Every hunt demands the use of a good set of binoculars, but how do you have them at the ready in a comfortable position?
Traditionally binoculars come with a standard 1″ to 2″ neck strap that allows the weight of the the bino’s to be spread evenly across the base of the neck, this is perfect for short term so you don’t accidentally drop your prized glass. But as time wears on the pressure of the strap can feel like wire rope cutting into your neck, not the desired feeling when hunting or enjoying the outdoors.
Butler Creek have developed the “Bino Caddy” to eliminate this issue, its unique design allows the neck strap to be completely removed and the weight of your binos to be evenly spread across your upper back taking the tension off the neck.
Another great thing I found with the caddy was that it forced the binos to hug your chest when not in use, unlike the neck strap that allowed the bino to swing around the binos are securely held in place, ideal when climbing or riding the bikes.
The elastic straps are easy to stretch when you lift up the binoculars and in short viewings don’t tire the arms with downward pressure, if prolonged use of the binoculars is required the Bino Caddy has two snap clips which allow you to detach the caddy from the binos.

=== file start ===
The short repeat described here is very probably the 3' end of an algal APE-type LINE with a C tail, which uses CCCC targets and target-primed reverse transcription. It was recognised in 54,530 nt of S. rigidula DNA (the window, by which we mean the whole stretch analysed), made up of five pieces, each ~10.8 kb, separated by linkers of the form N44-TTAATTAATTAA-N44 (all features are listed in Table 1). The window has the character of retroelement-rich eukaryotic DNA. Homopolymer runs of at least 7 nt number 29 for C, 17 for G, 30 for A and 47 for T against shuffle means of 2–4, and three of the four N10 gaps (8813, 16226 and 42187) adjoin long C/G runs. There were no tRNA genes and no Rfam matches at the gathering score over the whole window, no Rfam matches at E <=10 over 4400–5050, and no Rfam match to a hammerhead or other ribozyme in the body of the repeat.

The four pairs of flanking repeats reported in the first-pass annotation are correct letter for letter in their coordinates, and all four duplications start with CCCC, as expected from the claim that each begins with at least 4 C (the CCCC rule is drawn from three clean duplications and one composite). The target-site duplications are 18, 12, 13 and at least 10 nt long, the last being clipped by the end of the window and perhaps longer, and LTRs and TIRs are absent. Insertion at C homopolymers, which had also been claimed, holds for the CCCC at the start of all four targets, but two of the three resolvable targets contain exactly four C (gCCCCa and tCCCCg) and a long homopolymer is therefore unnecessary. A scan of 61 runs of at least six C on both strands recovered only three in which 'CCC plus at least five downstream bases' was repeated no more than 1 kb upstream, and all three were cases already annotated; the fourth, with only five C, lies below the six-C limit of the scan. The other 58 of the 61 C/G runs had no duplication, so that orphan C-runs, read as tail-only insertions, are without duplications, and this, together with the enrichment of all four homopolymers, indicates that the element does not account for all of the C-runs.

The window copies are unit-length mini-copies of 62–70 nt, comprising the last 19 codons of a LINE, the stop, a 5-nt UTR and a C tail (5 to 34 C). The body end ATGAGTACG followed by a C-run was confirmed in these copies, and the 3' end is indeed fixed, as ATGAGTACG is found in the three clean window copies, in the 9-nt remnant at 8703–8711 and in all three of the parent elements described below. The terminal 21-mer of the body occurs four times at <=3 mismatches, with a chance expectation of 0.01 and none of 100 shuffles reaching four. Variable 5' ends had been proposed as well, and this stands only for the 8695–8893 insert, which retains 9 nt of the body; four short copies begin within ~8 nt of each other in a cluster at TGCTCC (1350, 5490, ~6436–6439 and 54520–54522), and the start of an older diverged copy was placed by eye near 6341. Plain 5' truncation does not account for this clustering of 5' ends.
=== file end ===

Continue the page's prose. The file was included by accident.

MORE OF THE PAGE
This caddy is perfect especially when hunting for long periods of time, i have worn the caddy for a 6 hour period and found it quiet comfortable and convenient. The flat panel on the back of the caddy allows you to comfortably wear it under your backpack and with the panels aerated design does not dig in and reduces body heat to be trapped underneath it.
Overall this is a high quality and essential product for transporting your binoculars with the minimal amount of fatigue on the body, the Butler Creek Bino Caddy can be attached to all makes and models of binos and works exceptionally well for those models that carry extra weight. The straps are fully adjustable to suit all body shapes and sizes and available in Black & Khaki (pictured) & Black – Bone Collector Edition (pictured).
For more detail head to > Butler Creek